DISCLAIMER: These keys and species identities are provided for informational purposes only. We can take no responsibility for any consequences of misinterpreted information presented here. Always consult your local algae specialist if you have questions.

 

Key to Common Genera of Hawaiian Rhodophyta

    The 64 genera listed in this key represent about 50% of the red algal genera in the Hawaiian Islands. Some key lines end in a specific name which indicates that there is only one species in the genus or that a certain species is different from the remainder in that genus and can be isolated by itself. The number in parentheses that follows genus names is the number of species recognized for that genus at this time in Hawai’i. There are several genera that are followed by "(1 +?)" in the key; this notation indicates that at least one species is recognized for that genus in Hawaii. It is unclear at this time, how many more might be in our flora. Isabella Abbott, January 1997.

1 Plants gelatinous (slippery; hard to pick up) 2
1 Plants not gelatinous (may be soft, but not slippery) 9
2 Plants calcified (whitened or greyish) under mucus-like material 3
2 Plants not calcified 5
3 Plants with three or more orders of branching 4
3 Plants blade-like with fringed or dissected margins Titanophora pikeanum
4 Calcification mostly around axes and ultimate branches; when fresh, mucus 1-2 mm in diam; early Spring annual Liagora orientalis (see under plants not gelatinous for other species of Liagora)
4 Calcification continuous around axes; when fresh, mucus 2-8 mm in diam; late Spring annual Trichogloea (2)
5 Plants 8-28 cm long, branching orders 1-3, long, slender, round and tapering; shallow subtidal Helminthocladia (2)
5 Plants mucosoid paddles, branched clustered blades, or repeatedly divided axes, subtidal 6
6 Plants with stem-like stipe bearing blades that are confluent or paddle shaped clusters; cortical filaments extend beyond gelatinous material Gibsmithia (2)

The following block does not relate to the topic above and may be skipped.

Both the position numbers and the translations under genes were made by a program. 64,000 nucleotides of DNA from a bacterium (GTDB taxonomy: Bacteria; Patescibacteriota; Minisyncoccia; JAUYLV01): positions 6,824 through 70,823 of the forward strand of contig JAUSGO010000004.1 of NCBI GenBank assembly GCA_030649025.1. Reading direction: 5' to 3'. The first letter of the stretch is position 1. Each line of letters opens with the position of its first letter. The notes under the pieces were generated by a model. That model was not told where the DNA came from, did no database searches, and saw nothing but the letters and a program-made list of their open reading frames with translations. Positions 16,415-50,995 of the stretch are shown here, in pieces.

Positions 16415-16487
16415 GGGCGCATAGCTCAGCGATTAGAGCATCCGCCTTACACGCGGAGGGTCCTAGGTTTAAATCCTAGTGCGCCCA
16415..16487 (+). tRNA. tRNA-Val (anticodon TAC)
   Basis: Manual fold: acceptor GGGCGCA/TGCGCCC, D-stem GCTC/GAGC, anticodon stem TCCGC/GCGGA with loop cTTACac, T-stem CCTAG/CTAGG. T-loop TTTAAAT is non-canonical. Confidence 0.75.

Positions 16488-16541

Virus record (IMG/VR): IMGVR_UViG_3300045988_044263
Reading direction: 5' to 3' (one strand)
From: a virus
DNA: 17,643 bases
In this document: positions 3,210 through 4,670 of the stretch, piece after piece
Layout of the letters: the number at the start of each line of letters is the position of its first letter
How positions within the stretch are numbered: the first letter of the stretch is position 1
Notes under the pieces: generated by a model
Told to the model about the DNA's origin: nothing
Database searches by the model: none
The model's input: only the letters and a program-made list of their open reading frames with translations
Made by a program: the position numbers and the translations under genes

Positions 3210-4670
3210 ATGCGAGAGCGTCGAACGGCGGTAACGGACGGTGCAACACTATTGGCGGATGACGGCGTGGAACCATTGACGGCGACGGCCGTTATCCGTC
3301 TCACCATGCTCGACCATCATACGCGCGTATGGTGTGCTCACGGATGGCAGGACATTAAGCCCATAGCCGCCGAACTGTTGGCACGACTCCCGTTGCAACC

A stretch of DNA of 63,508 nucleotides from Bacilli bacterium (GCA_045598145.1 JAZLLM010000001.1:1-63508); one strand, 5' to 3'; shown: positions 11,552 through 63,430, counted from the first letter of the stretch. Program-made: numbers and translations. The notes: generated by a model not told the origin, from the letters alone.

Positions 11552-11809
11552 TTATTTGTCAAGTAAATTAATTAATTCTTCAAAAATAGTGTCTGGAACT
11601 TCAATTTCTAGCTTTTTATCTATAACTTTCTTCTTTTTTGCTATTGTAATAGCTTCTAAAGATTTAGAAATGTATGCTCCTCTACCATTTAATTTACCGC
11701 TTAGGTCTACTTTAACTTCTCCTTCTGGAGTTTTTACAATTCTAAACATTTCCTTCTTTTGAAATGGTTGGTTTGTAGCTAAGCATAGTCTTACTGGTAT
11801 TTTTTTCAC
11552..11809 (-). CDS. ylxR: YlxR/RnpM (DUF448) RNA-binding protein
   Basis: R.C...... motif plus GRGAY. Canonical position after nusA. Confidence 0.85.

6 Plants lacking stipes 7
7 Plants bladelike, with soft, pointed or blunt projections from a gelatinous surface; auxiliary cell conspicuous before fertilization because of numerous nutritive cells Predaea (2)
7 Plants not bladelike but with repeatedly divided axes 8
8 Central axes usually several times wider than laterals, spermatangia in terminal clusters; carposporophyte terminating a special fertile branchlet Acrosymphyton taylorii
8 Central axes and laterals nearly the same diameter; spermatangia in lateral clusters; carposporophyte in intercalary position on special fertile branchlet Dudresnaya (2)
9 Calcification not associated with gelatinous material; plants stony, some rigid, crustose, others with "sandy" or mealy surfaces (all producing bubbles in weak acid) 10
9 Plants neither gelatinous nor calcified 29
10 Plants mostly flattened, crustose, crust tightly adherent; if having erect portion, this usually composed of protuberances, not regular branches 11
10 Plants erect, branching pattern subdichotomous, or pinnate, with or without adherent crustose base 19
11 Crust difficult to remove from old coral, stones, pebble, other algae; usually lavender to purple, pinkish to white where exposed to sunlight; tetrasporangia zonately divided 12
11 Crust less difficult to remove from dead coral or rock owing to free margins; dark maroon, gold to orange; calcification usually limited to ventral surface; whole plant relatively easy to remove with weak acid; tetrasporangia cruciately divided Peyssonnelia (3)
12 Tetrasporangial plants producing cruciate tetrasporangia housed singly in compartments that may be isolated or grouped into soral arrangements; vegetative filaments lined both by lateral cell fusions and secondary pit-connections Sporolithon ptychoides
12 Tetrasporangial plants producing zonate tetrasporangia housed in groups within conceptacles; vegetative filaments linked either by lateral cell fusions or by secondary pit-connections (but not both) or not linked 13
13 Vegetative plant body endophytic within species of Jania or other geniculate coralline algae; only conceptacles protrude above host tissue Choreonema thuretii
13 Vegetative plant body conspicuous, growing on rock, algae, molluscs or other substances, not endophytic 14
14 Tetrasporangial/bisporangial plants having conceptacles with a number of pores in the roof (i.e., roofs multiporate) 15
14 Tetrasporangial/bisporangial plants having conceptacles with a single pore in the roof (i.e., roofs uniporate) 16
15 Surface layer of vegetative cells, when seen in cross-section, with rounded or flattened outer walls that are not prolonged into points at the upper corners Lithothamnion (1 +?)
15 Surface layer of vegetative cells when seen in cross-section with rounded or flattened outer walls that are not prolonged into points at the upper corners Mesophyllum (1 +?)
16 Cells of adjacent vegetative filaments linked by lateral cell fusions but not secondary pit- connections 17